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Int J Antimicrob Agents. 2007 Oct;30(4):336-40. Epub 2007 Jul 17.

Activity of diclofenac used alone and in combination with streptomycin against Mycobacterium tuberculosis in mice.

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  • 1Institute of Laboratory Animal Resources, Laboratory Animal Medicine, College of Veterinary Medicine, 85-Dong, 733-Ho, Seoul National University, San 56-1, Shillim 9 Dong, Gwanak-gu, Seoul, South Korea.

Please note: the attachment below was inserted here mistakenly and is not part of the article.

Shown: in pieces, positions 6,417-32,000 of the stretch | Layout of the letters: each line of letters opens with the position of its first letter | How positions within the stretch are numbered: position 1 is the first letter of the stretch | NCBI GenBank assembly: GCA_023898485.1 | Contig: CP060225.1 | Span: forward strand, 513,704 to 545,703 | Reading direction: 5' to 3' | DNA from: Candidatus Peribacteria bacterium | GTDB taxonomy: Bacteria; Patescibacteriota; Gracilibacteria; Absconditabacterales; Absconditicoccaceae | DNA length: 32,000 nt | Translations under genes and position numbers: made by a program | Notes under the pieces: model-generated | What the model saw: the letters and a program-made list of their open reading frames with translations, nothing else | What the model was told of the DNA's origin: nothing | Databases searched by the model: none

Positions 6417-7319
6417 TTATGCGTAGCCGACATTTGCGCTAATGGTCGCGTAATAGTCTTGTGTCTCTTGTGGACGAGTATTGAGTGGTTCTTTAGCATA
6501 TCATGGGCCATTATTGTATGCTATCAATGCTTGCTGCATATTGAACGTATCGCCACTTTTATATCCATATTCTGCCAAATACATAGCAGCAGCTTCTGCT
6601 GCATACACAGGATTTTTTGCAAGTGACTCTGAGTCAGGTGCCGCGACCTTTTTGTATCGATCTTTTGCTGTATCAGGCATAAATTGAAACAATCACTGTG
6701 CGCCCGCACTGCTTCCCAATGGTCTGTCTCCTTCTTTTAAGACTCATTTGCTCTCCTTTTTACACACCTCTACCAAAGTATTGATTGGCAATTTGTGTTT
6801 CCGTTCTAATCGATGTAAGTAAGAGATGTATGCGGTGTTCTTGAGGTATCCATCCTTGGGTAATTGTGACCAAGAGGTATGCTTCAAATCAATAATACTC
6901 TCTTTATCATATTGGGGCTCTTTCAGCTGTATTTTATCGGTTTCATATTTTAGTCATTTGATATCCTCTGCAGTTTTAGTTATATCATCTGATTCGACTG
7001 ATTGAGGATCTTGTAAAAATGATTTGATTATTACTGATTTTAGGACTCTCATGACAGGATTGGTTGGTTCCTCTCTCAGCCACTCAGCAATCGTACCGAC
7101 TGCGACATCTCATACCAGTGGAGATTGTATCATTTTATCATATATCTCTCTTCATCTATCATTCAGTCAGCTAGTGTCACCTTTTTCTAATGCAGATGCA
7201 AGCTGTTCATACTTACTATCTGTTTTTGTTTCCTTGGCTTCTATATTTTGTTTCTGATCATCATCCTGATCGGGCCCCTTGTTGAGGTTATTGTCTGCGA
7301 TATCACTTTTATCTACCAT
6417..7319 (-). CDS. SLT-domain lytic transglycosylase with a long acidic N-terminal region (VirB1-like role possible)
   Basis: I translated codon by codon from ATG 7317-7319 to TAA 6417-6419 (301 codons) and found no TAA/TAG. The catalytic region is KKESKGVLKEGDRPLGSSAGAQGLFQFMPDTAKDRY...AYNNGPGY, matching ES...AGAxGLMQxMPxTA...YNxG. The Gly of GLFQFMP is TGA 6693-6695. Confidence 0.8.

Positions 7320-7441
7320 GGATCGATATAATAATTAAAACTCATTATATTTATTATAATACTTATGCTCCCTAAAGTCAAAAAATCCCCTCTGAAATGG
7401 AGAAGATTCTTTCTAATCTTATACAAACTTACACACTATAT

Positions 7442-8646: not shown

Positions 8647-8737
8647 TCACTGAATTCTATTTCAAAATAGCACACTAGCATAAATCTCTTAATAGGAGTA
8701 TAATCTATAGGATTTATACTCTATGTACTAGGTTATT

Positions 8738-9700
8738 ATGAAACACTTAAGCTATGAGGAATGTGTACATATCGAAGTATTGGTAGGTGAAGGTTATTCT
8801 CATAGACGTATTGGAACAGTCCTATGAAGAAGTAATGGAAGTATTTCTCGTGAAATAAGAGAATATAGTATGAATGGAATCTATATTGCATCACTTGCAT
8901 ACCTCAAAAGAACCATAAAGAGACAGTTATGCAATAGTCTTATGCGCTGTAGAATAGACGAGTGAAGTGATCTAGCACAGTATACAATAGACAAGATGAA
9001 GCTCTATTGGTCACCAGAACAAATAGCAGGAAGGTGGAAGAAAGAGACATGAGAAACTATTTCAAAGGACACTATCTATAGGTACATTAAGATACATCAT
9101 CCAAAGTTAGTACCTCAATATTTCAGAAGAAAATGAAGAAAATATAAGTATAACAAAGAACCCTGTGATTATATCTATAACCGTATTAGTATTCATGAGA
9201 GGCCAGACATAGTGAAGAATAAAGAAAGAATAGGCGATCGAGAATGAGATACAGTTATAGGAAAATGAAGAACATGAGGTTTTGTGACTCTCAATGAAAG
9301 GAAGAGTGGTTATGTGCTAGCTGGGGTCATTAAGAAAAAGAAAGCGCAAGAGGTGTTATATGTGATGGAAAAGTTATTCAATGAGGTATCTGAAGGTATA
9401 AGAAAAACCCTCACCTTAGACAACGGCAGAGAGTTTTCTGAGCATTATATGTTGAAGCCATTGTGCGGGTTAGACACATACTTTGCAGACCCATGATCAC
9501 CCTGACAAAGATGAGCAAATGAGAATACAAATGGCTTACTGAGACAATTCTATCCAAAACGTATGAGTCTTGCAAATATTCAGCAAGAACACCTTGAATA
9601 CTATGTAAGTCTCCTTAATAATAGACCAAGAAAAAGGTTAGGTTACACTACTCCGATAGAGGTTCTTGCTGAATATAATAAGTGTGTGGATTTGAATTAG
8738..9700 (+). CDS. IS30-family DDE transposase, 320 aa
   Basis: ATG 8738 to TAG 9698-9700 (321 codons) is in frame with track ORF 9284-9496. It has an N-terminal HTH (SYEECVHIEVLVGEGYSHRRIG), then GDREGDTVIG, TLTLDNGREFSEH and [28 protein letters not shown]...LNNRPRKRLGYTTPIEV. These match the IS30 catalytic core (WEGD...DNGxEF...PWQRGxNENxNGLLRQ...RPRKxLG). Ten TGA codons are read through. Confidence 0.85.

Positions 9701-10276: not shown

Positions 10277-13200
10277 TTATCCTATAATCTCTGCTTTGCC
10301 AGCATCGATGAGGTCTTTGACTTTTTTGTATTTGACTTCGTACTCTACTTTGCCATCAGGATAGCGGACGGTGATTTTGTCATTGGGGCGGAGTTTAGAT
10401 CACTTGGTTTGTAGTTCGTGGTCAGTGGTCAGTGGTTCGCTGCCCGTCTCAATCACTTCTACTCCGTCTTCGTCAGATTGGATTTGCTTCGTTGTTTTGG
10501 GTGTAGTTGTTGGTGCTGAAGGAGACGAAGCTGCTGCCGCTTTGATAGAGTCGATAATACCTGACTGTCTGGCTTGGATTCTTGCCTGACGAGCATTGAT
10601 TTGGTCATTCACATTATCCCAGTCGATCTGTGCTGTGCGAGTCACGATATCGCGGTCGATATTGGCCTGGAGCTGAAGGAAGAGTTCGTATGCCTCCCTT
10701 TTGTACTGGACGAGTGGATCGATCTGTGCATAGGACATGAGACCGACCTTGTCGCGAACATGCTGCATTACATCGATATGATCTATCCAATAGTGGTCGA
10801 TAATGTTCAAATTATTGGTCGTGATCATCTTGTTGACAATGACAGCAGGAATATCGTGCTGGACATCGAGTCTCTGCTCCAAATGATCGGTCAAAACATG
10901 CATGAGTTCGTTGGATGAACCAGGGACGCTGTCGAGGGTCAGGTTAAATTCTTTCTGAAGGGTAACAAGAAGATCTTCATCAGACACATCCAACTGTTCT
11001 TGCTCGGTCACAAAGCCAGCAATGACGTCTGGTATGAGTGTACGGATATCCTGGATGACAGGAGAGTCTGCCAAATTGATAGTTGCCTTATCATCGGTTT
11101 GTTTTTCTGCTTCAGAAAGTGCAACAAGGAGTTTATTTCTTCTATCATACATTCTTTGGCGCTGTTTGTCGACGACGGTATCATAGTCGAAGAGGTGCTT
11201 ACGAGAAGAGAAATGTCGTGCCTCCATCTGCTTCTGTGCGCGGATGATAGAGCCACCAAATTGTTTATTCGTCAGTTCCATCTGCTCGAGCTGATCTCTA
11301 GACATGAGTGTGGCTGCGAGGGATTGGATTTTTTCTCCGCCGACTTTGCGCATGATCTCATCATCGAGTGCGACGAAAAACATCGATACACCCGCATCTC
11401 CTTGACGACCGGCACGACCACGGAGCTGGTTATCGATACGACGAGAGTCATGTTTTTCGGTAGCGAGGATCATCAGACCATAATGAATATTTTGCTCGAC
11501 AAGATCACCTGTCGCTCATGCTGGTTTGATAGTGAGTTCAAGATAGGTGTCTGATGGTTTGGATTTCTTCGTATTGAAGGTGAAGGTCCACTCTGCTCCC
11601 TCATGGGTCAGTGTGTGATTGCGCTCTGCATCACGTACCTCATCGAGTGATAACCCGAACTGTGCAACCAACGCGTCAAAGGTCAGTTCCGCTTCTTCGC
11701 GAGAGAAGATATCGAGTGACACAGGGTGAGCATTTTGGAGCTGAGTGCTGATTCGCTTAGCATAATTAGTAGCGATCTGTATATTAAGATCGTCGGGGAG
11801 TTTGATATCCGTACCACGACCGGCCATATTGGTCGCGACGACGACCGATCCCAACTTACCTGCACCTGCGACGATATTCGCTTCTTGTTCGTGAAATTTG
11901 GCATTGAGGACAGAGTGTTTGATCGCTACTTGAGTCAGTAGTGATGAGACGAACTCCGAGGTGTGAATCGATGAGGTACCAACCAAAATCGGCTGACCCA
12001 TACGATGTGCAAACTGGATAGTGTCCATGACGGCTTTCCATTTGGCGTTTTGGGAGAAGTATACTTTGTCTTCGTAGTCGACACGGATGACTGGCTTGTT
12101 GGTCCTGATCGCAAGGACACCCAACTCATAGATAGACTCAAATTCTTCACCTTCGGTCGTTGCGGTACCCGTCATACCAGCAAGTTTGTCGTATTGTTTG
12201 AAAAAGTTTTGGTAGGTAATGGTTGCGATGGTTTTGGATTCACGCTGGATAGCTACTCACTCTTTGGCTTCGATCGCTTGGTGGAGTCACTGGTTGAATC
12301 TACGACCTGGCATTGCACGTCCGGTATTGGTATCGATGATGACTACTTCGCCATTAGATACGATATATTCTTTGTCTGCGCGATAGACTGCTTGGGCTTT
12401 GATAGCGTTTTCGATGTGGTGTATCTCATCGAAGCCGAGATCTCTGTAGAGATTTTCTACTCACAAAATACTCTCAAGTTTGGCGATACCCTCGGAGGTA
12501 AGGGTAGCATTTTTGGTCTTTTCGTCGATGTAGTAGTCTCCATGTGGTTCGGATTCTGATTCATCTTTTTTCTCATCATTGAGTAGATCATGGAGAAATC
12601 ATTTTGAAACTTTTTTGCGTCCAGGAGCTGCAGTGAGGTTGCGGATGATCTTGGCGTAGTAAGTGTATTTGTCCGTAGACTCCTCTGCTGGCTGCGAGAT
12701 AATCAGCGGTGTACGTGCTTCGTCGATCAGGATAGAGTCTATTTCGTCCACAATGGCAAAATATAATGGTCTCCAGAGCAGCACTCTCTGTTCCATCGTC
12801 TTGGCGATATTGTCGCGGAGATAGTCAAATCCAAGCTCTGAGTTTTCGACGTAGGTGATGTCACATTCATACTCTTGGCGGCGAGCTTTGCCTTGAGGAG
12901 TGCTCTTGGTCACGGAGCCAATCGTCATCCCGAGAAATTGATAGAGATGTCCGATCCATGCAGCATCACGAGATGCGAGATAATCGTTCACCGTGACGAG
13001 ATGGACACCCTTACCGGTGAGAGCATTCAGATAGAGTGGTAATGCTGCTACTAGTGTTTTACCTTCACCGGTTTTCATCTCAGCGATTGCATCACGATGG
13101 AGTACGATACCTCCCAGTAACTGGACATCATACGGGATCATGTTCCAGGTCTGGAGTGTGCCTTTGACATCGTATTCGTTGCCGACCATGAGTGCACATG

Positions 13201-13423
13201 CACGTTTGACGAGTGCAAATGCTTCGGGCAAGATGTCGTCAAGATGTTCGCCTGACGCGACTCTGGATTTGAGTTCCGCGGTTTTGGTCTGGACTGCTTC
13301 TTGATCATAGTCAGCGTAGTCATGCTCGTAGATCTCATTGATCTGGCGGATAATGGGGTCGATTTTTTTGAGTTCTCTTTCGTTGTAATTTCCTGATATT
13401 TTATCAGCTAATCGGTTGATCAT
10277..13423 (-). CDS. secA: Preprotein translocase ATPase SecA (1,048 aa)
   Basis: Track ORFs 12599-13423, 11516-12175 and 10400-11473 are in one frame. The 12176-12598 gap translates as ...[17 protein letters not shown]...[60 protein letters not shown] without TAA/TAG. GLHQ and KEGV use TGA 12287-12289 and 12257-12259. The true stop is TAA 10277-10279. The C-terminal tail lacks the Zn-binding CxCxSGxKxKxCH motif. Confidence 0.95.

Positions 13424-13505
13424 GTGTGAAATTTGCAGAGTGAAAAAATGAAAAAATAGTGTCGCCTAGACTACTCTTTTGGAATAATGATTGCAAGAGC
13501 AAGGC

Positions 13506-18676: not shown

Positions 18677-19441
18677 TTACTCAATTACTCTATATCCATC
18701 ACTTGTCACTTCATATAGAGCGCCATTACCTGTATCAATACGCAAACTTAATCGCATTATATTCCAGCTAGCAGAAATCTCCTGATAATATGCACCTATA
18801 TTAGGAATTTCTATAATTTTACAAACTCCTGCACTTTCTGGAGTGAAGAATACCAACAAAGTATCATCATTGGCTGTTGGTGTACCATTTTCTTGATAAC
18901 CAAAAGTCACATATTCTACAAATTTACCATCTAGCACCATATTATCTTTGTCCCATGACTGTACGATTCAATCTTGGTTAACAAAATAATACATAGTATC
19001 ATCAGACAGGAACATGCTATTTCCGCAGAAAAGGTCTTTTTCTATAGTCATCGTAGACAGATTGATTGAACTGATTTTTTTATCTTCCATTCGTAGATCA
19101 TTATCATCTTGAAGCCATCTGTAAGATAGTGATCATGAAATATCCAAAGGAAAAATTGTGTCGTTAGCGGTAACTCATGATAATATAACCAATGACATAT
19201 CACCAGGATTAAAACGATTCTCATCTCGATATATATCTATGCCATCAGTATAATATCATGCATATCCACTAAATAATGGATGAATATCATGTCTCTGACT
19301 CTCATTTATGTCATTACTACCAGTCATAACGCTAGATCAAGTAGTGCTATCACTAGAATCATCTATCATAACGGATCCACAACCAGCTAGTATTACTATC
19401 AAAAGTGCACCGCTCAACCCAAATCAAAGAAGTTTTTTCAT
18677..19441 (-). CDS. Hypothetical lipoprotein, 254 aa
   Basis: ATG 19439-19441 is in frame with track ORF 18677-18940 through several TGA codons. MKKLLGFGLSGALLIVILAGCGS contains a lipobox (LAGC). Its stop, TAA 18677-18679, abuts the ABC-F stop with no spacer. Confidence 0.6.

The non-steroidal anti-inflammatory drug diclofenac (DCL) shows noteworthy in vitro and in vivo antimycobacterial activity. The aim of this study was to ascertain whether DCL used in combination with the first-line antitubercular antibiotic streptomycin (STM) synergistically augments its efficacy in vitro as well as in a murine tuberculosis infection model. In vitro minimum inhibitory concentrations (MICs) and synergistic activities of the drugs with respect to standard strains and clinical isolates of Mycobacterium tuberculosis were determined. Swiss albino male mice were intravenously infected with 2.3x10(7) M. tuberculosis H37Rv. Mice were treated with DCL or STM alone as well as in combination for 4 weeks to determine the survival rate, spleen weight and colony-forming unit (CFU) counts in the lungs and spleen. DCL was bactericidal at 40 microg/mL (4xMIC) against M. tuberculosis H37Rv and was synergistic with STM in vitro (fractional inhibitory concentration index 0.37). A dose of 10 microg/g/day DCL or 150 microg/g/day STM for 4 weeks, administered from 1 day post infection, significantly (P<0.05) lowered bacterial counts and reduced mean spleen weight of mice compared with untreated animals. Simultaneous administration of both agents further decreased CFU counts (P<0.05) in the lungs and spleen compared with mice receiving STM alone. Thus, the ability of extended antibiotic therapy may be improved with the help of this synergistic drug pair in murine tuberculosis, and further investigations may throw light on new directions to combat multidrug-resistant tuberculosis infections in humans.

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